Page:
When my grandmother was pregnant her husband came home angry enough to hit her. She barricaded herself in her room with her wedding trunk. He shot through the door with a double barrel shotgun.
In second grade I was picked because of test scores for a free spot at the magnet school, which meant crossing the freeway to go to Morningside Elementary. Already then he had moved away, married another woman, but we went to visit him at summer, and my mother ushered me in front of this man I’d just met, had me tell him proudly where I’d be going to school. He said, “You can’t go to school there, that’s where all the black people are.” Except he didn’t say black people. I must have heard the word before because I knew what it meant. But I had never heard it used before, like how you might use a circular saw, for a purpose.
When his father was dying my father arranged to visit. Time had not been kind; he was blind, missing a foot, prone to seizures that would kill him any day. The day he was to leave, my father got a call. His father said that he had never told his newest wife about his first marriage. He wanted my father to tell anyone that asked that he was just an old friend—not even family.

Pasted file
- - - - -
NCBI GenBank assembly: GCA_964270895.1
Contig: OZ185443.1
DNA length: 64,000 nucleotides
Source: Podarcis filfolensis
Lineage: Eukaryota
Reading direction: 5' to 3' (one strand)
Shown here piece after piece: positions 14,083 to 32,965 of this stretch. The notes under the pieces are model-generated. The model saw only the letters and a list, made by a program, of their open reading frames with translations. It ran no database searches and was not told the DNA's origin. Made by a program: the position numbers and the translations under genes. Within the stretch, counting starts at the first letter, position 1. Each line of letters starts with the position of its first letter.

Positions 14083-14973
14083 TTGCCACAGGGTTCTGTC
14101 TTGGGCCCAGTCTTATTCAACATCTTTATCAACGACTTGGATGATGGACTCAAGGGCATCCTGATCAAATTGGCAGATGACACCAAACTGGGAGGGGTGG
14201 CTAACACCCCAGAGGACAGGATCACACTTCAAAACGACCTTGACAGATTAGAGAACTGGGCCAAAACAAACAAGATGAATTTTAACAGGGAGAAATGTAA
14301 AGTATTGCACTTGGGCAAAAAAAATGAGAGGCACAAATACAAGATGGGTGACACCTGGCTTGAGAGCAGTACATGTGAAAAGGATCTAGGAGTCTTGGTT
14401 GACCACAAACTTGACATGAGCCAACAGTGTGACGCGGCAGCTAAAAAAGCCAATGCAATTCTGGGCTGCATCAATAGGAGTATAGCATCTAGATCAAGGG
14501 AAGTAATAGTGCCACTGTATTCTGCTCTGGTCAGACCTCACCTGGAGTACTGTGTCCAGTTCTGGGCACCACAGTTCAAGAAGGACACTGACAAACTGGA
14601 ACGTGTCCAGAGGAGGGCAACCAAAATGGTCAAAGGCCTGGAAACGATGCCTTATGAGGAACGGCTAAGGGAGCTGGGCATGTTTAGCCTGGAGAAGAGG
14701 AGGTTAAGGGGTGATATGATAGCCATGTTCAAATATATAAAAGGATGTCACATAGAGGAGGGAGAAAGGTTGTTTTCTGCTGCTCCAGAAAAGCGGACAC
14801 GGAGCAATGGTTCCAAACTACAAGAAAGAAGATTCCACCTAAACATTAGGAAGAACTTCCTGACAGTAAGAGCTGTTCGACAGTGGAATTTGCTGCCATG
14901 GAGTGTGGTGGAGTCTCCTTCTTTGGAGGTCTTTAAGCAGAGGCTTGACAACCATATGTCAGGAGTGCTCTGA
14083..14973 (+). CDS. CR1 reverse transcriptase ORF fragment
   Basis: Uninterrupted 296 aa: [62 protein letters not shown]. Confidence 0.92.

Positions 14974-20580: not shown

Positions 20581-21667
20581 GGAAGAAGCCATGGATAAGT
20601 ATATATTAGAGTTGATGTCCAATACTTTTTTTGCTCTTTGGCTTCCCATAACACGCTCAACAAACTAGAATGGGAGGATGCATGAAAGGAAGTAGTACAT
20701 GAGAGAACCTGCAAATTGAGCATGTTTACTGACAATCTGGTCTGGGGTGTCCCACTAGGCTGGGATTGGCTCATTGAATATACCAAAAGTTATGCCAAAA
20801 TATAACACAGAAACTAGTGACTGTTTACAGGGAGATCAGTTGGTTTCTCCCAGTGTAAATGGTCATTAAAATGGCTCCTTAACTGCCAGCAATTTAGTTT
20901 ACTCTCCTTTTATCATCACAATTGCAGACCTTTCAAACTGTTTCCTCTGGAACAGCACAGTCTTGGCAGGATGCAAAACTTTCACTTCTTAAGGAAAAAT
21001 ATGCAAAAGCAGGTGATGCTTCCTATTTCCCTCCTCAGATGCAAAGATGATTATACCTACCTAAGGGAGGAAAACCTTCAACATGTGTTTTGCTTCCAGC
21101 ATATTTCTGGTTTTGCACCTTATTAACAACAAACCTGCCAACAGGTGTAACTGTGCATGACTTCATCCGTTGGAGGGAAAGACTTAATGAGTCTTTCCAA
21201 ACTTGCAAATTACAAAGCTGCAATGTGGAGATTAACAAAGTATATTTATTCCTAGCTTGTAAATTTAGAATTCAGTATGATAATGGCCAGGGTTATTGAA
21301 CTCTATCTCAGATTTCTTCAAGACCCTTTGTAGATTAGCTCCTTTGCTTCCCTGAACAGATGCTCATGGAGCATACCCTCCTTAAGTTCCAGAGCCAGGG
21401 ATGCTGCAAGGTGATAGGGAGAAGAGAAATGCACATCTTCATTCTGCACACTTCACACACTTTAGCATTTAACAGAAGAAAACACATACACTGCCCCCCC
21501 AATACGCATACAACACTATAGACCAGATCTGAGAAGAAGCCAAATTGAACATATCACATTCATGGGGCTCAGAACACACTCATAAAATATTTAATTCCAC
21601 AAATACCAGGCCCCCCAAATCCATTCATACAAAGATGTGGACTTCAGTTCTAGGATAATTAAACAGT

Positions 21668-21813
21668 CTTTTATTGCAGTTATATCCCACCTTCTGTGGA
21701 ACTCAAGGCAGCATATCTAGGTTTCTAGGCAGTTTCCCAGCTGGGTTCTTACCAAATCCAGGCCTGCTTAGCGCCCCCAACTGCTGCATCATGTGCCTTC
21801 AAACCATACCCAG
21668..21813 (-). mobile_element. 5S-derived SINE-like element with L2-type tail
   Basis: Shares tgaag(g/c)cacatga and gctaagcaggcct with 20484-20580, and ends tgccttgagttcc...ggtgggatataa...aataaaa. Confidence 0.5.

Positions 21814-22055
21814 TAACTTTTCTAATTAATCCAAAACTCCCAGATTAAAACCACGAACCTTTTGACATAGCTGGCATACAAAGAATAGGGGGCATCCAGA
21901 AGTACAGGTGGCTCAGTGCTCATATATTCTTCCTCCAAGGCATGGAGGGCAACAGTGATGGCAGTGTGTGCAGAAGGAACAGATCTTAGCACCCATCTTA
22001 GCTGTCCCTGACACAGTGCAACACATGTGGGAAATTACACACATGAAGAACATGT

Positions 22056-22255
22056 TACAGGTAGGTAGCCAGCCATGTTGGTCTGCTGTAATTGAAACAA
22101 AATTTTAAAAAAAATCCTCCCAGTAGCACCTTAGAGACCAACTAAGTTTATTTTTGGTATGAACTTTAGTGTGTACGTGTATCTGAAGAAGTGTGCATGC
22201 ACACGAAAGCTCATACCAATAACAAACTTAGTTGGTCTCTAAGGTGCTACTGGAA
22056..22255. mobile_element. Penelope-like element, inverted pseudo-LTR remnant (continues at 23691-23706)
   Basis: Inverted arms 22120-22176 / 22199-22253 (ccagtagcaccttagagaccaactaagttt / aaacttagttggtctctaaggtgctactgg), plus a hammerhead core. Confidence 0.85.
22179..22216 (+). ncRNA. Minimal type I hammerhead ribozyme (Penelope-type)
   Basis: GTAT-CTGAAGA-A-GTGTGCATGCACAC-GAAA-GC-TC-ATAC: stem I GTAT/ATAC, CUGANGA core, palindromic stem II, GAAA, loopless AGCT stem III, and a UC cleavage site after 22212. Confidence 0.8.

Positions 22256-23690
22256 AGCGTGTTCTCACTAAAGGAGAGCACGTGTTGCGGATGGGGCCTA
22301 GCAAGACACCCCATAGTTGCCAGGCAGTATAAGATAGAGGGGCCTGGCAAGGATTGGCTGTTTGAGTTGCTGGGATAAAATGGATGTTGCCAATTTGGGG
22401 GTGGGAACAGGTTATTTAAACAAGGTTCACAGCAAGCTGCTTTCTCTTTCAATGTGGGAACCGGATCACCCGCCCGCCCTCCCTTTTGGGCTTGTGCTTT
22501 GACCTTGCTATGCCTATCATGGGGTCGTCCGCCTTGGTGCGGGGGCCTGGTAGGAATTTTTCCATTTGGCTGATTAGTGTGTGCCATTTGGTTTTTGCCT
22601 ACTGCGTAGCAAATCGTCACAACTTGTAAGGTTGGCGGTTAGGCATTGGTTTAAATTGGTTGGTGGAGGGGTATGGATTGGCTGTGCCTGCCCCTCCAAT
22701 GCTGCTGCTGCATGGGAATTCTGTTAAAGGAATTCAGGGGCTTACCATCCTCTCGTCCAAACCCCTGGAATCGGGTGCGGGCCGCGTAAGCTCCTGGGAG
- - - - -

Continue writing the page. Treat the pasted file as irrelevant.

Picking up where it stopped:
I was named after him. I have filed his name off of mine like a serial number on a gun. I would do anything not to be him. I would shoot holes in anything or anyone that said otherwise. I would use whatever tool I had at hand to draw a line between him and me. I will tell you if you ask that he’s not my family.
This piece was originally published in The Boiler in April of 2016.
J. Andrew Briseño is Assistant Professor of English at Northwestern State University of Louisiana. He holds a PhD in Fiction from the University of North Texas. He founded and coordinates the Cane River Reading Series, and is Series Editor for the Katherine Anne Porter Prize. His work can be found or is forthcoming in Smokelong Quarterly, Waxwing, and Acentos Review, among others. He lives and works in Natchitoches, Louisiana.